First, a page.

AURORA | In the race for City Council’s Ward V, voters will see one familiar name and two newcomers on the ballot.
Incumbent Bob Roth, who has served as the ward’s city councilman since he was appointed in 2009, will be the familiar face. Livia Payne and Cheri McElhiney, both first-time city council candidates, are challenging Roth for the seat.
Roth, who works in commercial and industrial electrical construction, said he would use his next term if elected to ensure a diversity of new housing is built in Aurora as the city grows and the Regional Transportation District’s Interstate 225 light rail line opens in 2016.
With RTD’s Aurora “R” light rail line due to open next year, Roth said it’s imperative for the city to attract different kinds of housing. Right now, all the city’s transit-oriented development station plans include only apartment living.
Roth said he would also use his term, if re-elected, to urge the city’s Public Works department to complete a traffic and mobility study for Heather Gardens residents that has sat unfinished for years.
One of the most pressing issues facing Aurora is growth eastward. Developers are looking to annex nearly 3,000 acres east of city boundaries that could become residential and commercial development associated with Denver International Airport.
Roth said the fact that east metro developers want to be annexed into the city should be viewed as a positive for Aurora.
“With the water system in Aurora, we are in a prime position for growth if that growth makes sense,” he told the Aurora Sentinel. “Getting our water from three distinct basins and having the ability through the Prairie Waters System to use that resource to extinction puts Aurora in a position unlike any other municipality in the region.”
In light of Denver considering whether to allow some marijuana use in bars and other businesses, Roth is said he is not for such a measure.
Roth, who chaired the Aurora’s Amendment 64 Ad Hoc committee, said the committee agreed over a year ago that private clubs for marijuana use should not be allowed in the city.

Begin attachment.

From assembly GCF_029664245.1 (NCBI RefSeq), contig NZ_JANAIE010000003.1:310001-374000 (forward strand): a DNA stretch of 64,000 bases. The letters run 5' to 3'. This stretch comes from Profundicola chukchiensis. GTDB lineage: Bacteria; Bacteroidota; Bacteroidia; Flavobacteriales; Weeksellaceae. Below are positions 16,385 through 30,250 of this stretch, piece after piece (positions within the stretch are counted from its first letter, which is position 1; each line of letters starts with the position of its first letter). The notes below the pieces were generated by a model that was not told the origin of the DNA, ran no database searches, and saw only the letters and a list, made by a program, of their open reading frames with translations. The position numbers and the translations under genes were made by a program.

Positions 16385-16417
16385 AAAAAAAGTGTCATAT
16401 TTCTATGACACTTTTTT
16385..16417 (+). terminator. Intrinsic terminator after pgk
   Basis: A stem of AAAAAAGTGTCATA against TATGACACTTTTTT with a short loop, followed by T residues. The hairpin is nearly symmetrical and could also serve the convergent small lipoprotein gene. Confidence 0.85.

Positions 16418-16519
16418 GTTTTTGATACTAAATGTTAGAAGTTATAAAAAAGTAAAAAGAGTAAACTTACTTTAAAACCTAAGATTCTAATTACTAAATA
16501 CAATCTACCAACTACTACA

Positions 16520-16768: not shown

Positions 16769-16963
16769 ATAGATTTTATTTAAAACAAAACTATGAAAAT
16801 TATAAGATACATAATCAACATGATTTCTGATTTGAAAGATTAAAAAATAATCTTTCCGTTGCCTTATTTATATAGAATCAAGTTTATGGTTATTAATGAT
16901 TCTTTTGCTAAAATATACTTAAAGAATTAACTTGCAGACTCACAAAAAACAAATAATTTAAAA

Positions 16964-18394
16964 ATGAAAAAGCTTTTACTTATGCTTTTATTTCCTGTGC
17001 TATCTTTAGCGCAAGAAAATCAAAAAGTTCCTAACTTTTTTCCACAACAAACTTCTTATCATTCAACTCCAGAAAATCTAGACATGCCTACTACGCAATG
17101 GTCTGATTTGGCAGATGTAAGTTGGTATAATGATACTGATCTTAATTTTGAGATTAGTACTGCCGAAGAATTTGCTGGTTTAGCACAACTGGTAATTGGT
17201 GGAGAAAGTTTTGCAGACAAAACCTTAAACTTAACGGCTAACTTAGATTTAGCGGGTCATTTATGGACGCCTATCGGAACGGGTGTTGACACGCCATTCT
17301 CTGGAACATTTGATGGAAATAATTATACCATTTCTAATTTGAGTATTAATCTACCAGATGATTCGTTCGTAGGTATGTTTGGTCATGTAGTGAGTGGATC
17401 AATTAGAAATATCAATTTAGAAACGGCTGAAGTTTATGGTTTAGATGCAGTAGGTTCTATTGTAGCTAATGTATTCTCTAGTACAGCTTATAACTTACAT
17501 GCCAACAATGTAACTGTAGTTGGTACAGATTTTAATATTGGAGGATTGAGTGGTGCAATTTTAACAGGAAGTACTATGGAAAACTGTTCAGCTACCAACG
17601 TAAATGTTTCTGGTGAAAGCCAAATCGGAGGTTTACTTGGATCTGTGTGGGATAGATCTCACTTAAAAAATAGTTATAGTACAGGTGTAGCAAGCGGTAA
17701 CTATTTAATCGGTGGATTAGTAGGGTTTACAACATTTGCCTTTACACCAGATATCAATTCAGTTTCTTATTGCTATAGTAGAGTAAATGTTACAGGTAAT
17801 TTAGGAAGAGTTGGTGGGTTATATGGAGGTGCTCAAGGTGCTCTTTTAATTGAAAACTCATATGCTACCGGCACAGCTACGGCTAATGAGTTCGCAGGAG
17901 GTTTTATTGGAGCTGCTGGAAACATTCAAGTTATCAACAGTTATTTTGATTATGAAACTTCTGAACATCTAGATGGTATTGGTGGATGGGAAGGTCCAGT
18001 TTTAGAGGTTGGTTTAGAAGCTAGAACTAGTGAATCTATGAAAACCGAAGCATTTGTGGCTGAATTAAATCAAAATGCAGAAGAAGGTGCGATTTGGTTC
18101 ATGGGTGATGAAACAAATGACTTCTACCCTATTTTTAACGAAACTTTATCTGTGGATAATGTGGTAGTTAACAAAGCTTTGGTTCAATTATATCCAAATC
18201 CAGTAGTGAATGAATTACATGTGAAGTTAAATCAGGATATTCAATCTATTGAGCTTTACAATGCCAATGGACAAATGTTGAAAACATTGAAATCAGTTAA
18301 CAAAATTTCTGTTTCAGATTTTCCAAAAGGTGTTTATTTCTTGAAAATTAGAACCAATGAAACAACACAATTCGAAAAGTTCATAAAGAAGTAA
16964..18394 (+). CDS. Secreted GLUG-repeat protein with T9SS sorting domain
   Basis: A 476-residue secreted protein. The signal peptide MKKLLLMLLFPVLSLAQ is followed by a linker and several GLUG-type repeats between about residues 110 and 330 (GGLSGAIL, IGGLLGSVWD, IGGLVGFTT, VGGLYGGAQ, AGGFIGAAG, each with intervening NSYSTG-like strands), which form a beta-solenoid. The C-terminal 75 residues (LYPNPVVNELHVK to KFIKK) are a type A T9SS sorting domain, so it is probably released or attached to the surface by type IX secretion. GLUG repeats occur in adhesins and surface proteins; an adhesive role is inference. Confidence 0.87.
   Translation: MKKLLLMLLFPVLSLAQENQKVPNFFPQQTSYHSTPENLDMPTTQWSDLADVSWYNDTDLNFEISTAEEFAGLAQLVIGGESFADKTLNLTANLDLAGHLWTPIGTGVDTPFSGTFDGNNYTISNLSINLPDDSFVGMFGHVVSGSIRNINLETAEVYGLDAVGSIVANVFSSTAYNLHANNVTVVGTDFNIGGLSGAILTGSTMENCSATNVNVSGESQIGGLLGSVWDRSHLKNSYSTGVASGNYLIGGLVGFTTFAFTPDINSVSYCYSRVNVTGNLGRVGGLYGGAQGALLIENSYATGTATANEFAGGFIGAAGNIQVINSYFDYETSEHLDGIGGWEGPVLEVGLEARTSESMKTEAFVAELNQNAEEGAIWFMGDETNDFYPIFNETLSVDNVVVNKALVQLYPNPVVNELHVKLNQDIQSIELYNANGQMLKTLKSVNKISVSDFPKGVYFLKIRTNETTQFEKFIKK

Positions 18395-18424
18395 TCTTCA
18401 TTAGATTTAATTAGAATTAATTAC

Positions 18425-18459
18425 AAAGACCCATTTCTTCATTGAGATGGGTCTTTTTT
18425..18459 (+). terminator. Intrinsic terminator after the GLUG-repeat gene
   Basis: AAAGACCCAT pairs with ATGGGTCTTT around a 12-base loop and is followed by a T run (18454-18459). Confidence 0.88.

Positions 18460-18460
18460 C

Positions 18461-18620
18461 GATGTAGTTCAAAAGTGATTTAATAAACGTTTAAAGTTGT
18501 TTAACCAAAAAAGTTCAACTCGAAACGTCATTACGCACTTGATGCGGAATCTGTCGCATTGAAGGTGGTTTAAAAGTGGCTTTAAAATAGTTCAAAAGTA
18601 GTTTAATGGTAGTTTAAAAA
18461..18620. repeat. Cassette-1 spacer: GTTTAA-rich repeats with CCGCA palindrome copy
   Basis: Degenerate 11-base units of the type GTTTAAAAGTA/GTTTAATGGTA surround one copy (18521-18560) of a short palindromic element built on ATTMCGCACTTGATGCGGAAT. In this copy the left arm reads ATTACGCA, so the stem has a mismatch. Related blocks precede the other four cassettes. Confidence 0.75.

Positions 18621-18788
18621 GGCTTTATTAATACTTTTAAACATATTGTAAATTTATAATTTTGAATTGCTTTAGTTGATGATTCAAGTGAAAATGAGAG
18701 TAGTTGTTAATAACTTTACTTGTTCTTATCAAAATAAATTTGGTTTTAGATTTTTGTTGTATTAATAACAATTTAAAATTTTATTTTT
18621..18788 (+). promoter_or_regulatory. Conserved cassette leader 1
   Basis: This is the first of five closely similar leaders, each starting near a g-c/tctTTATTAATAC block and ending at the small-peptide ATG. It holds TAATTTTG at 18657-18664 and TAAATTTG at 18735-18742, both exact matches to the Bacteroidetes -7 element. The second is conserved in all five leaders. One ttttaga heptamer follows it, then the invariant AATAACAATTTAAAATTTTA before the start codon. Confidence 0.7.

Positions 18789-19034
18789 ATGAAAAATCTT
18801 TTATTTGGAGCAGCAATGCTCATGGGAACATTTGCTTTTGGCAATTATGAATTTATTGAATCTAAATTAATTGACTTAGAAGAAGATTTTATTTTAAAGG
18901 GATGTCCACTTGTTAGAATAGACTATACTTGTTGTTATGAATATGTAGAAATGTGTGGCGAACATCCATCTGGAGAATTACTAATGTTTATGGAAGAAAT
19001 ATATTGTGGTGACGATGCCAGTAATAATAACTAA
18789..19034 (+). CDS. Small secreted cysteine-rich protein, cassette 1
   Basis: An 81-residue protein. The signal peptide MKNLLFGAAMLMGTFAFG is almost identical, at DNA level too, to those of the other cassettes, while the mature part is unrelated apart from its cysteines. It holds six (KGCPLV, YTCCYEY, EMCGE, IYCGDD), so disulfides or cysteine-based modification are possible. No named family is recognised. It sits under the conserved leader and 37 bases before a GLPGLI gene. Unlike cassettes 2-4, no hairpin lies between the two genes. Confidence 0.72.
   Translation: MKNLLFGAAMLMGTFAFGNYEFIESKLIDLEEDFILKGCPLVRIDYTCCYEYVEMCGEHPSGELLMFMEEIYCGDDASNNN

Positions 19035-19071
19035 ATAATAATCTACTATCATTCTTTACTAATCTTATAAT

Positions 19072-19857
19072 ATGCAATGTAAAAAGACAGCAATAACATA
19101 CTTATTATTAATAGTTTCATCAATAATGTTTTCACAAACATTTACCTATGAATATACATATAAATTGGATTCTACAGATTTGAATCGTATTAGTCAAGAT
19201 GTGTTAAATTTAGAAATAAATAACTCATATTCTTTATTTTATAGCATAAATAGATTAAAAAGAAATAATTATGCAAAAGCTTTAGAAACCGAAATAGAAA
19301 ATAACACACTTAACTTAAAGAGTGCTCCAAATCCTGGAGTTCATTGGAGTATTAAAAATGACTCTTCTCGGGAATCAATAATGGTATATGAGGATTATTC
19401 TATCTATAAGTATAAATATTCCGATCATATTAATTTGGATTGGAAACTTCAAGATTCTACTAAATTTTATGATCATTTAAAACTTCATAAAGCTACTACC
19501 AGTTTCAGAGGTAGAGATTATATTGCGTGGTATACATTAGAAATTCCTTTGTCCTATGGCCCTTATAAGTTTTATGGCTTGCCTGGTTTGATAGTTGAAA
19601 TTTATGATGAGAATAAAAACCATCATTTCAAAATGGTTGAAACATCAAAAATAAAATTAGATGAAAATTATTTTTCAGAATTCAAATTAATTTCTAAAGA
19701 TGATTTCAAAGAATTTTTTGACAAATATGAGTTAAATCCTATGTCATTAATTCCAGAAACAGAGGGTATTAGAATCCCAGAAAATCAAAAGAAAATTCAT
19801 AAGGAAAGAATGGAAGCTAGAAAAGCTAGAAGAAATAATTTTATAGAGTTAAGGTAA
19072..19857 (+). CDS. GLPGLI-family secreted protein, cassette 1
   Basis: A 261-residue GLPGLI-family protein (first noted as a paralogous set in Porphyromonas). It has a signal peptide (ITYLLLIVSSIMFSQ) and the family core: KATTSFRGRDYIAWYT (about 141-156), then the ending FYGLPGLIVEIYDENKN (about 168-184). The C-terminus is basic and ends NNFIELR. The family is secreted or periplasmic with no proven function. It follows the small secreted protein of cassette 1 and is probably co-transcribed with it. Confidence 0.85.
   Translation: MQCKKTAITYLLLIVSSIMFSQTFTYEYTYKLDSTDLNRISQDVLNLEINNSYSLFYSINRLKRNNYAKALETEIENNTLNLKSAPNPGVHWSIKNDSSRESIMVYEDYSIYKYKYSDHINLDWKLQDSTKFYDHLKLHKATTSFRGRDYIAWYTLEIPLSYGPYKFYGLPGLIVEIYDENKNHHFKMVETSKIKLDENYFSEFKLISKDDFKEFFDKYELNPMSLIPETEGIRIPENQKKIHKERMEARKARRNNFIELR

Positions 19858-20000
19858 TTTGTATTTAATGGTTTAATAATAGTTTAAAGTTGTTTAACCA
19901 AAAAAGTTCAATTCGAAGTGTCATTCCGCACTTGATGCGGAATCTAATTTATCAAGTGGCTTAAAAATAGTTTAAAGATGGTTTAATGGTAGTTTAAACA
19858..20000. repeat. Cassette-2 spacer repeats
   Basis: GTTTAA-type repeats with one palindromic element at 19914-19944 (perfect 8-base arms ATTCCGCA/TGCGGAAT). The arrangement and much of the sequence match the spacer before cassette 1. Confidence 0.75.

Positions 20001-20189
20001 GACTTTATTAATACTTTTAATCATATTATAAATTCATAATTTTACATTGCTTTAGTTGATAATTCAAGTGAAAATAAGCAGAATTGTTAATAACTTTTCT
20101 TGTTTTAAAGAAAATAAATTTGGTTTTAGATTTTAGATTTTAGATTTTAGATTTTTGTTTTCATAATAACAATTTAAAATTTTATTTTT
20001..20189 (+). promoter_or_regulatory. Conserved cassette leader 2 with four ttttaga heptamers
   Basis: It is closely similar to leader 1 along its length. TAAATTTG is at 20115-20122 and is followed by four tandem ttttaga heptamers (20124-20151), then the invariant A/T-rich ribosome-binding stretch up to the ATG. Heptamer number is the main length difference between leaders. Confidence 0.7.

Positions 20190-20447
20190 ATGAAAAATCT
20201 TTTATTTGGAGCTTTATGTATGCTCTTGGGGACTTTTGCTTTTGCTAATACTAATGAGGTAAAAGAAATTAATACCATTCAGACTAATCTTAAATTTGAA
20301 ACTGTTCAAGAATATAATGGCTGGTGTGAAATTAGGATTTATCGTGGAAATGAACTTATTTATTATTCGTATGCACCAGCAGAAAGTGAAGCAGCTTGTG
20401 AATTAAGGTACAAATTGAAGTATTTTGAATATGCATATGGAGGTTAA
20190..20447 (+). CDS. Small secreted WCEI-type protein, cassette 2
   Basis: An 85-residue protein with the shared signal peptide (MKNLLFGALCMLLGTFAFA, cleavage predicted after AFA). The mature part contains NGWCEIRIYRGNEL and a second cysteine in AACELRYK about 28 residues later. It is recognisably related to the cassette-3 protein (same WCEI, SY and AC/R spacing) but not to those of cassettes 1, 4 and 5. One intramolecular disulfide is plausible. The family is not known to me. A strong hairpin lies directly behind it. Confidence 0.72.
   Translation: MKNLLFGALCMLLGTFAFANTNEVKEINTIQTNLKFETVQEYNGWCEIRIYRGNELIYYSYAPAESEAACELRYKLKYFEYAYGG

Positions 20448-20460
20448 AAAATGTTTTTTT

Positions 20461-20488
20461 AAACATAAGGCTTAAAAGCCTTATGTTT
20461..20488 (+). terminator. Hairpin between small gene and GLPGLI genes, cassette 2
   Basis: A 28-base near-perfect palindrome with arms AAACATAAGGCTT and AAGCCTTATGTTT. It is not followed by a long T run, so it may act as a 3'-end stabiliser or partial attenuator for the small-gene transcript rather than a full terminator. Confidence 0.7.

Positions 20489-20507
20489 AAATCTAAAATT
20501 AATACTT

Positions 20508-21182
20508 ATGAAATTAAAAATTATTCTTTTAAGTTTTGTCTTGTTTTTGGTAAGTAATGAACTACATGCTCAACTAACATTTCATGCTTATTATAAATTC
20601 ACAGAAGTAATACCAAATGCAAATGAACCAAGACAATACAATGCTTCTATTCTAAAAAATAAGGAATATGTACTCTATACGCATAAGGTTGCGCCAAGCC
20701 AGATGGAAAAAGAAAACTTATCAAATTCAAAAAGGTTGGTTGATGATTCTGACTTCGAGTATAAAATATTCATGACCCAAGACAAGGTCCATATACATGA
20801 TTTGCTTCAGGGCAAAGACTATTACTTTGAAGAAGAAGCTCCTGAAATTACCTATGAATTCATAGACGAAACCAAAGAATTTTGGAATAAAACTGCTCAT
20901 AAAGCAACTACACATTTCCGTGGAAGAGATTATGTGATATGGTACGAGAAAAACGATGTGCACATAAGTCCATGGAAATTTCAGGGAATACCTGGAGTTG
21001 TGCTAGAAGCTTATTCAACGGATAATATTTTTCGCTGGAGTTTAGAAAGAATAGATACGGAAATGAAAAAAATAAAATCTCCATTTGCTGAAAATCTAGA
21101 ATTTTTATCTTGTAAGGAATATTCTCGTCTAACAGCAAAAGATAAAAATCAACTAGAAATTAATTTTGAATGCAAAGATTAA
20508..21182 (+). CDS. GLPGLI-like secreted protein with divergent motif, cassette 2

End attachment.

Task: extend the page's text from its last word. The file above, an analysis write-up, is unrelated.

Roth said he also supports the city’s use of photo red light cameras, and told the Aurora Sentinel the cameras are working to decrease serious accidents at the busy intersections where they’re placed. He said he also supports the Nexus programs that money from the red light fees goes toward.
More local control over oil and gas drilling is another hot-button issue where Roth said he sides with the state of Colorado.
“Colorado already has the strictest legislation in place to regulate the oil and gas industry of anyplace in the country,” he told the Aurora Sentinel.
Payne works seasonally for H&R Block as a tax preparer and has a Bachelor’s in biochemistry from the University of Washington. She has also served in the U.S. military for 22 years, where she worked as a logistician and as an intelligence officer before retiring in 2013.
Payne said she is OK with Aurora’s annexation, but is concerned about the city providing adequate recreation and cultural services with more growth.
“I live in Aurora but drive to Centennial or Littleton to use their parks instead,” she told the Sentinel. “In general, the infrastructure must be there to support the new communities.” Payne has come out against the city’s use of photo red light cameras, and said they cause drivers to be more reckless in “trying to ‘beat’ the camera.”
Payne said she would take a cautious approach to allowing marijuana in bars and private businesses in the city if the issue came up in the city.
“It would really depend on where they wanted to open them and how many permits would be allowed, and what form the marijuana would take,” she told the Sentinel. “I am not against marijuana, but to me, it stinks and I wouldn’t want to smell it.”
Payne said residents should have more say when it comes to oil and gas drilling and not rely only on state regulations.
“Aurora should insist on retaining all the controls they can at the local level,” she said. “I would rather see Aurora, through its elected representatives or a direct vote, make decisions on oil and gas drilling in the city.
McElhiney, a Developmental Pathways early intervention service coordinator and a licensed social worker, has lived in Ward V with her family for five years. She said she hopes to make an impact on urban homesteading and sustainability in Aurora.